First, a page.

PINEHURST – Long before she became a psychiatric mental health nurse practitioner, Jane Schwarting discovered her “passion” while working with a wilderness therapy program for troubled teens. For seven years, she embraced a primitive lifestyle, working 84 hours a week with adolescents struggling with addiction, substance abuse, physical abuse, violent tendencies and more.
“I was led to my passion early in my career,” says Schwarting, referring to her time working at the wilderness therapy program in east Tennessee. “Helping at-risk youth was both meaningful work and something I really enjoyed doing.
Schwarting grew up in Florida, where she attended Flagler College in St. Augustine. She received a collegiate basketball scholarship and also rowed on the crew team while earning a bachelor of arts degree in recreation management.
Her degree in recreation management landed her a job with the wilderness therapy program that initiated a future career in nursing and behavioral services.
After working for several years, Schwarting went back to school to earn a master’s degree in public health from the University of Tennessee, followed by a bachelor of science degree in nursing from East Tennessee State University.
Schwarting had a varied nursing career at Duke, working in orthopaedics, radiology and psychiatric nursing. She most recently worked at Fort Bragg, also in psychiatric nursing and case management. While working at Fort Bragg, she completed the psychiatric mental health nurse practitioner program (PMHNP) at the University of North Carolina at Chapel Hill.
While completing the PMHNP program, Schwarting completed two clinical rotations. One rotation was with Womack Army Medical Center’s sleep clinic, where she worked with cognitive behavioral therapy for insomnia. The second rotation involved providing group therapy with FirstHealth Behavioral Services.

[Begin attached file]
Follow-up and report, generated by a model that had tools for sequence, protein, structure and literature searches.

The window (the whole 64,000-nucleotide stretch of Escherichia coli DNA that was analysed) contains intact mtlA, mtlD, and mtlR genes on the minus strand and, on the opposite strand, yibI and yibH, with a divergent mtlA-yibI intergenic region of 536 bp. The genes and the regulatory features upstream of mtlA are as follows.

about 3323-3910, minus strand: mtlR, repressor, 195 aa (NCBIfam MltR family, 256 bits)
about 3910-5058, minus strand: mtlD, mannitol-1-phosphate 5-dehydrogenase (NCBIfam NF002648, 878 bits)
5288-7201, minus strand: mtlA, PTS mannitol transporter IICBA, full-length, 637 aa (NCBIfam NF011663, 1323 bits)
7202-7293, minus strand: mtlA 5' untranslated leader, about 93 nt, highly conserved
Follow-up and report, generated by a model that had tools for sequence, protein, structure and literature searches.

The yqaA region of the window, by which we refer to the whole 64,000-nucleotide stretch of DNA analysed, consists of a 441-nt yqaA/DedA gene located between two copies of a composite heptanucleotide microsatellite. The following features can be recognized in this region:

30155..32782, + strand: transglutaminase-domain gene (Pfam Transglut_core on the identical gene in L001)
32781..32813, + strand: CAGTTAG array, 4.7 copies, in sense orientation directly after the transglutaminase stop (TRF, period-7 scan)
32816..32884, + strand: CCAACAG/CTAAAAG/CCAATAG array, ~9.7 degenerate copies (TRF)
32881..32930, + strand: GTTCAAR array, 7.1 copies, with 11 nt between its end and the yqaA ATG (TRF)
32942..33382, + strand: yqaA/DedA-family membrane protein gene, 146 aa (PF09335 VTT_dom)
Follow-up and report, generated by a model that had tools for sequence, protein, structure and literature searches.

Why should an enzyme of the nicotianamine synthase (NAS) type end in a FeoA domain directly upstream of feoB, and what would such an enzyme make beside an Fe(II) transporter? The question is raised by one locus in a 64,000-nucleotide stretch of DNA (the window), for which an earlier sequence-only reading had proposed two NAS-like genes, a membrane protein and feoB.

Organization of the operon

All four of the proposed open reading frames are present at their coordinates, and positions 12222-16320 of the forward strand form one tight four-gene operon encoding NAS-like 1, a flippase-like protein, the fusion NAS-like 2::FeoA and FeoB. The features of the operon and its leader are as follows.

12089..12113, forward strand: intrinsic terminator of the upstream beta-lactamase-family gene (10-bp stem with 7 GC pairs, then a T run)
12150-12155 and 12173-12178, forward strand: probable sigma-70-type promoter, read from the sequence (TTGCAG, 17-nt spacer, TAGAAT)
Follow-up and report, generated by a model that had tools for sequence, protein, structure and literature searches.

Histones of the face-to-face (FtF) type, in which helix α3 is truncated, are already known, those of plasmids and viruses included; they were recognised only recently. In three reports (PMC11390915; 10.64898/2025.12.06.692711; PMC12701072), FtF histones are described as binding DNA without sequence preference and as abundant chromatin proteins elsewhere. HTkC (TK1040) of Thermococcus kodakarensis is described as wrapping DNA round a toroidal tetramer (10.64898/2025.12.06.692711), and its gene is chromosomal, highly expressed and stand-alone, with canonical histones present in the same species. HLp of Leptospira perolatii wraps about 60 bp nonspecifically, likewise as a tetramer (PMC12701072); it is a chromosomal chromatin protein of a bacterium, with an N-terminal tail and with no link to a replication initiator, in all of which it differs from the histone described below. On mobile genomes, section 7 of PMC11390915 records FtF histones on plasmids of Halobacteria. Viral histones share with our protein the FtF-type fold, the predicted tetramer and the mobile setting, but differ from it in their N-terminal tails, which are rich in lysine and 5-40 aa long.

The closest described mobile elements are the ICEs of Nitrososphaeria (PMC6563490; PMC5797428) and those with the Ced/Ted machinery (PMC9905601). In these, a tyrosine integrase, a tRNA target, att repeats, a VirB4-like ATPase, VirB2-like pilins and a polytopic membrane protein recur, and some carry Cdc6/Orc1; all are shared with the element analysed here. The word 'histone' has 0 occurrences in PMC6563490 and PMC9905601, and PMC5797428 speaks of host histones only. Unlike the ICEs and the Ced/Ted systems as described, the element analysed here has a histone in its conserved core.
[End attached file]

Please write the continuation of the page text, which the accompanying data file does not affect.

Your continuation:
“I enjoy facilitating group therapy as well as working with individuals of all ages,” says Schwarting.
“We are very excited to have Jane join our team,” says Mary Silverman, director of FirstHealth Behavioral Services. “She brings a level of professionalism to our program and a true understanding of our military population based on her prior experience at Fort Bragg and Pope AFB.”
“When Jane completed a rotation with our group, we knew at that time she would be an asset to our psychiatric group,” adds Silverman.
Schwarting recently relocated to Moore County from the Fayetteville area. An avid mountain biker, she is a member of the Storm racing team out of Sanford.
Several years ago, Schwarting was approached at a restaurant by a former participant in the wilderness therapy program where she spent several years early in her career. While the former participant recognized Schwarting, or “chief Jane,” as she was called, it took Schwarting a little longer to place the confident professional who appeared before her. Long gone was the troubled teen, who was now replaced by an accomplished law school graduate. The unexpected meeting was a testament to the time Schwarting spent working at the wilderness therapy program that steered her to a career as a psychiatric mental health nurse practitioner.
Schwarting will see children and adults at the FirstHealth Outpatient Behavioral Services clinic. She joins a team of board certified psychiatrists, psychiatric nurses, activity specialists and social workers who provide individual and group therapy, psycho-educational groups, family support services and comprehensive discharge planning.
For more information about FirstHealth Behavioral Services, call (910) 715-3370 or click here.
January 24, 2018
2018 Update: Anticoagulation, Thrombosis, ThrombophiliaYou are invited to attend a program 2018 2018 Update: Anticoagulation, Thrombosis, Thrombophilia January 24, 2018 Dinner at 5:45 p.m. Program to foll…